(to Raj): You're missing the point! A Shiksa goddess is not an actual goddess. We prey on them, not to them.
- And then he ends up with Bernadette, they initially connect over freaking out their families (Bernadette, being Catholic, is equally thrilled at the prospect of freaking out her parents). Their relationship has since moved beyond that joke.
- On 3rd Rock from the Sun, Harry teases Dick and Tommy for dating "blonde shiksa goddesses" Mary and August. Possibly a subversion, as they're not really Jewish, or even human.
- Their landlady dubbed them with a Jewish identity because they had the name "Solomon", and she didn't know they took it off the side of a truck.
- In an episode of Cold Case it's learned that the victim of the week had been disowned by his father because of his (the victim's) intent to abandon plans to attend dental school, and marry non-Jewish woman, whom he (the father) outright describes as a "Shiksa".
- Referenced by name in the American version Being Human: Josh's sister Emily thinks he's jealous because she hooked up with a Shiska Goddess before he did.
- The band Say Anything released a single called "Shiksa (Girlfriend)" and wondering how he landed a non-Jewish girlfriend. Ironically, Max Bemis converted to Christianity when he got married.
- The musical The Last Five Years, which actually has a song titled "Shiksa Goddess"
- This was one of the principal tropes in Abie's Irish Rose. Abie's father wouldn't stand for any Nice Jewish Boy marrying a non-Jewish girl, so Abie has to trick his father into believing that Rose Mary Murphy is actually Rosie Murpheski. The father doesn't find out the ruse until the Jewish wedding ceremony is well underway. The play was a huge success in the 1920s, despite the fact that the critics universally agreed that it was absolutely terrible.
- Played for Drama in The Shivah. Rabbi Stone excommunicated Jack Lauder from his synagogue for pursuing a relationship with Rajshree. As a man, Stone truly wished both of them happiness. But as a conservative rabbi, he couldn't condone their union.
- Kim Possible: Ron Stoppable is a Jew while his girlfriend Kim a gentile.
- Implied in Phineas and Ferb, Isabella Garcia-Shapiro is Mexican-Jewish.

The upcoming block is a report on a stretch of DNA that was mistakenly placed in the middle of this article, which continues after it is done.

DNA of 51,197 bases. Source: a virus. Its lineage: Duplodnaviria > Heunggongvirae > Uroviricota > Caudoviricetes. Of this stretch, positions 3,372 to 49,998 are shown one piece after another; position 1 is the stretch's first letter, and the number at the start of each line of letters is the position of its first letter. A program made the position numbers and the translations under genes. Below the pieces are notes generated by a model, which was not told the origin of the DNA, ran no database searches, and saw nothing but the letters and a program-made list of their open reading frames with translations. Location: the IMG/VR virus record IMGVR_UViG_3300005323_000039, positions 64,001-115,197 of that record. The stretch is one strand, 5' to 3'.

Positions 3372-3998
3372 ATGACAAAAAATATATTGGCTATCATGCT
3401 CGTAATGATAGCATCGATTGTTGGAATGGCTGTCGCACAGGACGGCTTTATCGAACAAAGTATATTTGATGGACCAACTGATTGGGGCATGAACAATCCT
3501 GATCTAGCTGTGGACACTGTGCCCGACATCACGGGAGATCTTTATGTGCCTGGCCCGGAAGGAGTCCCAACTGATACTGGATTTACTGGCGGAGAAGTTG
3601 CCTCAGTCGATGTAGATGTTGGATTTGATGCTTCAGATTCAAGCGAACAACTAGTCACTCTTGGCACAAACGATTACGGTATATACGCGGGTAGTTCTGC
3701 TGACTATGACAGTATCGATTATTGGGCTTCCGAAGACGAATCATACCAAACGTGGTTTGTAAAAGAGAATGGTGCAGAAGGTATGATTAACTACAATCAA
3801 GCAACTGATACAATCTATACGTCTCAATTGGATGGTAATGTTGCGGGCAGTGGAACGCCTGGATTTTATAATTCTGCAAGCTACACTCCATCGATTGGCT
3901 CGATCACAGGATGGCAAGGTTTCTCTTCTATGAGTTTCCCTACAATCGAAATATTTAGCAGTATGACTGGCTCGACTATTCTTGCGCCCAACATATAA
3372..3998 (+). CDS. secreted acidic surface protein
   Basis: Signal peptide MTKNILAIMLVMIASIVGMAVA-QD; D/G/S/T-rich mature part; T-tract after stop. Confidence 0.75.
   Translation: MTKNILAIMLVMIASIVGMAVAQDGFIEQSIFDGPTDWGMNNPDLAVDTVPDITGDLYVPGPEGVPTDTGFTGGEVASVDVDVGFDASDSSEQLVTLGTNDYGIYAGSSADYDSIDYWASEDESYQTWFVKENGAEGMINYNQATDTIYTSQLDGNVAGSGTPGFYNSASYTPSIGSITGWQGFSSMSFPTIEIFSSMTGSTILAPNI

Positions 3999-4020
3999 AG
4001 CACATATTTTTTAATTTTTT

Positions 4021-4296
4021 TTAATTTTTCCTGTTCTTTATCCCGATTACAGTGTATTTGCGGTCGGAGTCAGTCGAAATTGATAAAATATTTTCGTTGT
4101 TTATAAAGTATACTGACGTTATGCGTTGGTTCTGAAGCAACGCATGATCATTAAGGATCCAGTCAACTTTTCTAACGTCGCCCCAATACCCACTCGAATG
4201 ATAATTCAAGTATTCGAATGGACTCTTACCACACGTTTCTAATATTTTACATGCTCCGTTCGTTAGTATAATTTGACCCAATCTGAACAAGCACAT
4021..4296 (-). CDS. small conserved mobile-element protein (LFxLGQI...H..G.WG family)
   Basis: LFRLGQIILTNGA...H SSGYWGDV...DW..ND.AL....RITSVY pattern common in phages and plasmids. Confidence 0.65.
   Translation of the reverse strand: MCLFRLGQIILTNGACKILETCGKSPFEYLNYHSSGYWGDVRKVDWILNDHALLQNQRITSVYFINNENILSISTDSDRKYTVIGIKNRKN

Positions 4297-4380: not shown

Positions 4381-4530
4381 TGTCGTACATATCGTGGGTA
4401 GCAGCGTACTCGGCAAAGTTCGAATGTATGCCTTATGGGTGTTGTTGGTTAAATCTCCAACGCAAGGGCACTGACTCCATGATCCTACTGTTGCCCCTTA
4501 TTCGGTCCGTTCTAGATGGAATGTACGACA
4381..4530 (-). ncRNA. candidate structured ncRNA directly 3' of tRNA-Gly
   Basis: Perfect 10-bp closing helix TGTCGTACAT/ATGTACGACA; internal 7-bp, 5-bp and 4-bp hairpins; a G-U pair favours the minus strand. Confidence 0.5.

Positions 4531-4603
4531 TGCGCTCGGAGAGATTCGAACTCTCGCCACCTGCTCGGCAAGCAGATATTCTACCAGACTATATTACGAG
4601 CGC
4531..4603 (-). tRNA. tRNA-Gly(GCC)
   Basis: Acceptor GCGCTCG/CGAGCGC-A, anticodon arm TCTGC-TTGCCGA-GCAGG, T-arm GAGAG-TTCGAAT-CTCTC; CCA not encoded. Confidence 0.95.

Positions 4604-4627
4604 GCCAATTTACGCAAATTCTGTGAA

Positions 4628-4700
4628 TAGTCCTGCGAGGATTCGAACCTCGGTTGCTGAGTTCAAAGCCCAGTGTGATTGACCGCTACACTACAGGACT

- Rare gender reversal: In Danny Phantom, the Jewish Sam has sexual tension with the Gentile Danny
Real Life / Truth in Television
- Those Wacky Nazis accused Jewish men of doing this in Real Life. When they came to power, they not only forbade inter-religious marriages, but also Jews hiring German maids who were younger than 45 years. Which is ironic: Hitler's grandmother had been a maid in a Jewish household and, well, there were rumors....
- Marilyn Monroe while married to Arthur Miller, although it's worth noting that she actually converted to Judaism.
- Elizabeth Taylor also married two Jews—Mike Todd and Eddie Fisher—and converted to Judaism. However, in her autobiography she claimed that her conversion was a personal choice that was unrelated to either of these marriages.
- Josh Gad, who plays nerdy missionary Elder Arnold Cunningham in The Book of Mormon, was raised jewish and his wife and fellow Lost Nomad, Ida Darvish was raised a catholic.
- Famous illusionist David Copperfield dated German supermodel Claudia Schiffer for a while.
- Any of Steven Spielberg's wives. The current,[when?] Kate Capshaw, converted to Judaism.
- Sharon Tate and Roman Polanski. The film production where they met, of The Fearless Vampire Killers, had them play cross-religious love interests too, but with roles reversed.
- ↑ Worth noting for Non-Jews: It's more serious for a man to intermarry than for a woman, due to Judaism traditionally being passed down through the Mother. If a child is born to a Jewish mother and a gentile father, he or she is considered by the Jews to be Jewish, but if it's the reverse, the child has to convert to be a Jew in a Orthodox or Conservative synagogue. Children with only Jewish fathers generally get a pass in Reform synagogues, as long as they were raised as Jews.